- Grilled Chicken Yakitori Skewers
- Whole30 Sesame Chicken
- Chicken and Broccoli Stir-Fry
- Air Fryer Whole Chicken
- Chicken Yakisoba Noodles
- Kung Pao Chicken
- Black pepper chicken
- Moo goo gai pan (chicken and mushroom stir-fry)
- More Paleo Chinese American cuisines
- More Paleo Chinese Taiwanese cuisines
My Paleo Whole30 Mongolian Chicken recipe is crispy, salty, naturally sweet, and just a little spicy, and coated in an addictive Mongolian sauce that’s perfect with steamed white rice. The chicken is golden crip and every bite is utterly delicious. If you are a lover of Chinese chicken dishes and want something healthier for you and your family, this no-fuss and no-fail recipe will be sure to delight even the pickiest chicken lovers!
Mongolian Chicken Recipe
For the Mongolian chicken:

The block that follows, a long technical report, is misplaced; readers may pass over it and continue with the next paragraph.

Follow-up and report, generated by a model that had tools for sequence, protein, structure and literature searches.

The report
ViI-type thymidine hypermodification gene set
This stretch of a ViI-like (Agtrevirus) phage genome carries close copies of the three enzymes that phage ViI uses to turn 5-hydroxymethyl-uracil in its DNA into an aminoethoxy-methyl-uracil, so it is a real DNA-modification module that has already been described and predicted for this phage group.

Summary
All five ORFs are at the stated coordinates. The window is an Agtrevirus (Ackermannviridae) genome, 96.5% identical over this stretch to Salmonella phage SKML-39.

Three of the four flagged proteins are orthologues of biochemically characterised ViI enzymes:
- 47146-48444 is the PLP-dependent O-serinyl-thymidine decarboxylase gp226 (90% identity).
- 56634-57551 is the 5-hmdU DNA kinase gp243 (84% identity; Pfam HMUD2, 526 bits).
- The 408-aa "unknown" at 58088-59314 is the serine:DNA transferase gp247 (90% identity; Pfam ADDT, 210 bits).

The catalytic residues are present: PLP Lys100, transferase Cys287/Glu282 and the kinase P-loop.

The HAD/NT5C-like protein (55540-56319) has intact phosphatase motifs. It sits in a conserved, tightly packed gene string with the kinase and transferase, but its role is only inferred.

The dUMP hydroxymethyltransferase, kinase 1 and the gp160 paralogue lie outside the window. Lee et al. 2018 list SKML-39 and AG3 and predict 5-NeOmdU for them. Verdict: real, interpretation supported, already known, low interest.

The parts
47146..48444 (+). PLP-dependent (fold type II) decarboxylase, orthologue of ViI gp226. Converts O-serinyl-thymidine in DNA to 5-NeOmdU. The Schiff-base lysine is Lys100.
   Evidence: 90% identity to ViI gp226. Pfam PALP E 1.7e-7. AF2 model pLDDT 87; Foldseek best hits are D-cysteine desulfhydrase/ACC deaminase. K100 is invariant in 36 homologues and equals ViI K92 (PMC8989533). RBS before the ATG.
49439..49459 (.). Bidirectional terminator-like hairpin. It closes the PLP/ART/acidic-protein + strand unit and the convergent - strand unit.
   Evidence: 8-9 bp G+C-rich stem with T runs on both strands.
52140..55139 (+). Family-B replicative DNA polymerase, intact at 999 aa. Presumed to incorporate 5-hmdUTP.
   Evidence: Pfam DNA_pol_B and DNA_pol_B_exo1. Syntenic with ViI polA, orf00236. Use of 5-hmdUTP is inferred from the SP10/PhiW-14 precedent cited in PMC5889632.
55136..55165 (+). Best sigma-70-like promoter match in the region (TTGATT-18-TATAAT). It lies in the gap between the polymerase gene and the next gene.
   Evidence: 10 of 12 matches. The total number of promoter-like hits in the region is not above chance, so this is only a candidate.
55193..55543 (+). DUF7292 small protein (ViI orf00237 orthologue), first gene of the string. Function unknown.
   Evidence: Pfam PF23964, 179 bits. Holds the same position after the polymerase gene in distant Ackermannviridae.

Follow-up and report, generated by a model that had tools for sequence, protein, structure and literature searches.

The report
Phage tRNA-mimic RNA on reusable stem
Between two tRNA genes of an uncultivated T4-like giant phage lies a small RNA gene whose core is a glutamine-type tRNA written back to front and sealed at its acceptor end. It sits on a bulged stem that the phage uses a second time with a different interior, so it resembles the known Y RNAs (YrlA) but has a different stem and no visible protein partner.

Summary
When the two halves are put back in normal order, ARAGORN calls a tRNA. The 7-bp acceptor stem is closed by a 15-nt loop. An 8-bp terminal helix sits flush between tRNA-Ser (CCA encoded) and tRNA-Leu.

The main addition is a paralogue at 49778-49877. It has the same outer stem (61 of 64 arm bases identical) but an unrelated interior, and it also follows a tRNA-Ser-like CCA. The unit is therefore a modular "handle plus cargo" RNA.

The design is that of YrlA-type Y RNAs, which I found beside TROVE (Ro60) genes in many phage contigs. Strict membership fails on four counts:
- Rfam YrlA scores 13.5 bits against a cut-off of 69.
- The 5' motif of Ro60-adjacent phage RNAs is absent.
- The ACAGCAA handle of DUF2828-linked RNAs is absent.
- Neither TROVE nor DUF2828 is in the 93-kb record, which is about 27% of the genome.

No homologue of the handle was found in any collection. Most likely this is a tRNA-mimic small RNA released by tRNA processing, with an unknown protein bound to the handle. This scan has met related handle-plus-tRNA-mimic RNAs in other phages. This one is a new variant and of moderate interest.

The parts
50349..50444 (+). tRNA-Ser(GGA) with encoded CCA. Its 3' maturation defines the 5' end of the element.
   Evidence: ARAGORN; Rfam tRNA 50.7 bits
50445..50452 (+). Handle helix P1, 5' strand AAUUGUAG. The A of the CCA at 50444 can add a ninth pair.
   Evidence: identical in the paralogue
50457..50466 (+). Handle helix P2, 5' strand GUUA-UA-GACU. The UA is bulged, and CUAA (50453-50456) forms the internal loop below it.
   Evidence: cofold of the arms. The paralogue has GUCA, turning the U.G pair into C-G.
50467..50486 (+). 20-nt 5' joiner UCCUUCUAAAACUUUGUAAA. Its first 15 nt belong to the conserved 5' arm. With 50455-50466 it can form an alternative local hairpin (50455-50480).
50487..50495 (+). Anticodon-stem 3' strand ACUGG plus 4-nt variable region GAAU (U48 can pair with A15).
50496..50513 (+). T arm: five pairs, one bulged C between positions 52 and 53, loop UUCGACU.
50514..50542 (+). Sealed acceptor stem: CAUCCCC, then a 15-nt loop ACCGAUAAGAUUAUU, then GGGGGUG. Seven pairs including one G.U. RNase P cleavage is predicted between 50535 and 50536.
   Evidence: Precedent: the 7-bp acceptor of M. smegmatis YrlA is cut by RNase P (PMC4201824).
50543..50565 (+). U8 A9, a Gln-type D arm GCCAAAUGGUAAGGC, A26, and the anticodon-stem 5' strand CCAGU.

- 0.6 oz. garlic, sliced, about 2 to 3 large cloves
- 1.2 oz. shallot, sliced to thin strips, about half of 1 whole large shallot
- 0.2 oz. ginger, julienned, about 2 tbsp julienned ginger
- 4 bulbs scallions, diced to 1.5-2 inch sections. Separate pale green & green parts
- 6-8 whole pieces Chinese dry red chilies, skip for non-spicy
- 2 pieces red fresno or serrano chilies, seeds removed & julienned (skip for non-spicy)
- Thin slice the chicken to about ¼ to ⅛ inch thin. In a large mixing bowl, season the chicken with ingredients from salt to five spice powder. Gently mix-well.
- Dust with arrowroot 1 tbsp a time (up to 4 tbsp). Try to coat them evenly. Some slices might stick to each other and that’s totally normal. Store in the fridge while you are waiting for the wok to get hot.
- In the meantime, pre-heat a large wok or Dutch oven over medium-heat until it feels hot to your palm when placing it near the surface about 2-3 inches away. Add 3 tbsp avocado oil.